Next, as briefly mentioned above, the CLI will change how it generates the bundle for the static web app. Rather than shipping the raw, uncompiled Svelte files and have a bundler (such as Webpack or esbuild) run on the client, the CLI will come with the static web app pre-compiled, and will just “link” the data to it. This is going to be faster, but even more importantly, simpler and with less room for runtime issues.
Lastly, on the data encryption side, as mentioned the only change will be that the CLI will now automatically generate encryption keys for users (such as viewers when they want to unlock your Hereditas box), as computers can generate keys with much more entropy, which are inherently more secure.
Keys are then going to be presented to users as “seed words”, using the same encoding that blockchains like Bitcoin and Ethereum use to allow people to remember the private keys of their wallet. The BIP-39 standard is in my opinion quite brilliant: it offers a way to encode random keys in a much more user-friendly way, with built-in checksumming, and using a wordlist where each word has been carefully chosen according to some human-centered properties. There are wordlists in a variety of languages too, for those who prefer to type the seed words in something else than English. Although the plan is to use the encoding and wordlist from BIP-39, Hereditas is not a cryptocurrency wallet, so the words are going to be generated in a different way, and used for a different purpose.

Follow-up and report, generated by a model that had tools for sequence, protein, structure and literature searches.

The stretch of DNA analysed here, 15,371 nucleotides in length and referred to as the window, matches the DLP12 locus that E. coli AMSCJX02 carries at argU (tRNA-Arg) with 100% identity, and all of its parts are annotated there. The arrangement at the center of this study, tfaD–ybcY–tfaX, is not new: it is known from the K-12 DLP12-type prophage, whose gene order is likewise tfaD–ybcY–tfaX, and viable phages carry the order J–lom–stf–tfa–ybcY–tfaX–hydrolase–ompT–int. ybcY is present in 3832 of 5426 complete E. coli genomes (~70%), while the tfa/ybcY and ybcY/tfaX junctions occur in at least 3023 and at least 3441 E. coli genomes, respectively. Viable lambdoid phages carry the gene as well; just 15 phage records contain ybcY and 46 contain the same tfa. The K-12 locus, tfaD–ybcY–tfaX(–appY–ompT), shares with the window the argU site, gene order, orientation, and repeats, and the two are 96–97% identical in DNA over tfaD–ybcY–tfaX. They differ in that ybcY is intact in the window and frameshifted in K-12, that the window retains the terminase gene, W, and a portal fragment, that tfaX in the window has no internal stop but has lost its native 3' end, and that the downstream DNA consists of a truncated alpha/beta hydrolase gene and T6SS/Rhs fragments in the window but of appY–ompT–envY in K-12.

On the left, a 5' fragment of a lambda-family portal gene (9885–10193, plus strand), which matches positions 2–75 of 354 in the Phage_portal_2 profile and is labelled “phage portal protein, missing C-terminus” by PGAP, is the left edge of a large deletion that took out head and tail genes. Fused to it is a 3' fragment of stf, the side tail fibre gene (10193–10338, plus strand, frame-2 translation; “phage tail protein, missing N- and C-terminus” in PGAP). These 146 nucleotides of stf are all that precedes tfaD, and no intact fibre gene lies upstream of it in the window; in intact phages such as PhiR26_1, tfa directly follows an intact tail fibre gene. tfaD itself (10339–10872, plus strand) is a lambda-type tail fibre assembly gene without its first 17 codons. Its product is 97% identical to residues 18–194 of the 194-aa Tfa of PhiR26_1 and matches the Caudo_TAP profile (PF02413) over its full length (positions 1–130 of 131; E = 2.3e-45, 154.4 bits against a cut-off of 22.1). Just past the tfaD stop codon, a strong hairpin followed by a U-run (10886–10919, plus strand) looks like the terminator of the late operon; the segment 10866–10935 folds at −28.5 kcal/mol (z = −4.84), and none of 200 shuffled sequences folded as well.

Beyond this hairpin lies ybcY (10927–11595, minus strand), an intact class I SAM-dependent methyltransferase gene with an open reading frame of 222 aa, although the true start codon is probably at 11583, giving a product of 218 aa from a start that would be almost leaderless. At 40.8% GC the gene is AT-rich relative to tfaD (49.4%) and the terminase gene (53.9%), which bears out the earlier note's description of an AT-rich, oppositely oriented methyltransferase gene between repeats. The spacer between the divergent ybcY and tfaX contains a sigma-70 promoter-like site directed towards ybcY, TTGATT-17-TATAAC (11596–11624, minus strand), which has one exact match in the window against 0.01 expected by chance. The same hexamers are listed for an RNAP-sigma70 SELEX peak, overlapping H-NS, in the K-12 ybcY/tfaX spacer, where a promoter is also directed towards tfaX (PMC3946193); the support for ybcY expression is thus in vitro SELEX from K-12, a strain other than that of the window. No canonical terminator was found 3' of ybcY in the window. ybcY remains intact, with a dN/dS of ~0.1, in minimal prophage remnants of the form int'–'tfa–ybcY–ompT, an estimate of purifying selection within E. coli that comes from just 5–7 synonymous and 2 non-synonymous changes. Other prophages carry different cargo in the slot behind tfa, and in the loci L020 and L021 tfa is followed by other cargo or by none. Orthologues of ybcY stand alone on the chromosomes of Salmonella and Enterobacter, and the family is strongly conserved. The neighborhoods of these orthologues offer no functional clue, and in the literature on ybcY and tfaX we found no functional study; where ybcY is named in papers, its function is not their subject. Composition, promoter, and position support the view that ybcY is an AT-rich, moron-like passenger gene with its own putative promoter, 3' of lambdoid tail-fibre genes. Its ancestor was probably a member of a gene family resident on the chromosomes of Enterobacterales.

This post contains the high-level plan for the design of Hereditas v0.3. I am purposely not getting too much into the details here as there’s still plenty that will change as development continues.
I also don’t have a specific timeline to share, as that depends a lot on how things go with… (waving hands)… life.
Feel free to comment here or on this issue on GitHub if you have any question or thought about this plan, as I’m looking forward any feedback!